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André Mazal Krauss

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A member registered Aug 30, 2018 · View creator page →

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It turns out that refining and balancing a game with random elements (the items the "customers" carry) is quite complex and time demanding, even if it's a simple game with a simple mechanic. The random picking of items was way too simple(aka pick any one) because of time constraints, and this made interesting trades indeed hard to come by.

About the illogical trade of a ladybug for another ladybug + notebook, I guess Nina is just that charismatic and has mad bargaining skills ;)
Jokes aside, it is an unforeseen consequence of the way we rate trades as fair/unfair under the hood. I (who programmed the game) had to think for a while to get why this was happening... Thanks for pointing it out!

Fixing the above issues would take some extra thought and effort, but your idea of making "customers" leave after a while would be quite simple to implement and maybe make the game more dynamic.

As a little sidenote, I love that you referred to the traders in game as "customers", in quotes. We tried to distance the situation of the game from that of a "real shop", so you being uncomfortable in naming them customers is proof we got it right somehow.

Anyway, we thank you a lot for playing the game and sharing your thoughts!

We're glad you enjoyed it!
This jam was a great opportunity of taking this concept, that wouldn't really be viable elsewhere, and running with it.
Loved your game btw, nicely done

SHAME on you for judging my art appreciation skills like that. I totally 100% contemplated it, even before you made me do it, you metalinguistical bastard.

Anyway, great entry with a bonkers premise.

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Good idea, fits the theme really well.
Game feel overall very strong. Nice explosions on enemy death. Parrying feels really satisfying with that camera zoom when you land it right. Making enemies shoot each other feels good on a general principle. Even bugging through the walls feels good.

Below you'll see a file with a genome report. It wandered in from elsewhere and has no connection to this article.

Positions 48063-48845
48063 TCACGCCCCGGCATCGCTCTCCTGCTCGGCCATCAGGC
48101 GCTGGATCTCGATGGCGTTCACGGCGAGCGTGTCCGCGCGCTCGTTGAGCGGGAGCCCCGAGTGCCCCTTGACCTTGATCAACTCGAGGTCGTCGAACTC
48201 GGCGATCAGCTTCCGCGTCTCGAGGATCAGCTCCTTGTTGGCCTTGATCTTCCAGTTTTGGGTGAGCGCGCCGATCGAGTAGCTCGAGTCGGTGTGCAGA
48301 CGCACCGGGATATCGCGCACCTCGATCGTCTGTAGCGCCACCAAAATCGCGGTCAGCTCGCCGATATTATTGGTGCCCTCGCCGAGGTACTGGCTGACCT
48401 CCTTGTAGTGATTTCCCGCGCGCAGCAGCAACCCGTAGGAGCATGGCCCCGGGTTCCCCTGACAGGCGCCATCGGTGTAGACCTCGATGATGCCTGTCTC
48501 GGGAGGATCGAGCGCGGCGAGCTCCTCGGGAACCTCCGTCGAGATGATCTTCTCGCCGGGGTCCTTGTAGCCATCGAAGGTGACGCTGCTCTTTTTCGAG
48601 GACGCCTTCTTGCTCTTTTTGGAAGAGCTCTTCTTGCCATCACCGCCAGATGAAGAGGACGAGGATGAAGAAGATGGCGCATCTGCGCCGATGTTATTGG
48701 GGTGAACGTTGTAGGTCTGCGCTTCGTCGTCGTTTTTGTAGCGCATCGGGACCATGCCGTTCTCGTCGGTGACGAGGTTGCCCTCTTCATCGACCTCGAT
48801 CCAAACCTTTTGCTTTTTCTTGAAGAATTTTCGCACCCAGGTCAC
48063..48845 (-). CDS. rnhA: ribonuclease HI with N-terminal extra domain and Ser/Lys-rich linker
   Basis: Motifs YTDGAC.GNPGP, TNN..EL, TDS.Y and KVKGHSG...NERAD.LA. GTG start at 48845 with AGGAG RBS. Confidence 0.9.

Nice work!

Really unique idea with a technically flawless execution, as far as I can tell.
Had to think for a while for some of those, and the fact that the square grows larger while "jump" is pressed takes what would usually be just a nice visual effect and turns it into an essencial puzzle element.

Nice job!

Couldn't inteligently play the game at all, I've felt that main mechanic replacing the bumpers, that of attracting the ball, was unresponsive.

But the artwork is indeed cool. Kudos for that.

Great job for the amount of time you had and having to switch engines mid-way through development. Pixel art and music were quite neat.

The game also plays well, but its a shame that not being able to stop impacts the game so little, given that you´re always on the run anyway.

Thank you for the thorough feedback.

We did put a lot of effort in the art side of the game, trying to add many bizarre items that would contrast with the game's silly and childish premise and make it feel funny and lighthearted, even if the strategic depth wasn't really there. Also, you're totally right about the wait times...

Anyway, hope you had some fun, and we thank you for playing!

Thanks for the feedback! 
It would have been great to refine the UI and game feel to make the game more understandable from the get go. Things like making it clearer that the customers are offering the items for trade(and not asking for them) were in our plans, but we couldn't get it in the game in time.

But indeed our greatest challenge may well be trying to add tricky decisions to this binary "fair/unfair" system. 

Anyway, we thank you for playing!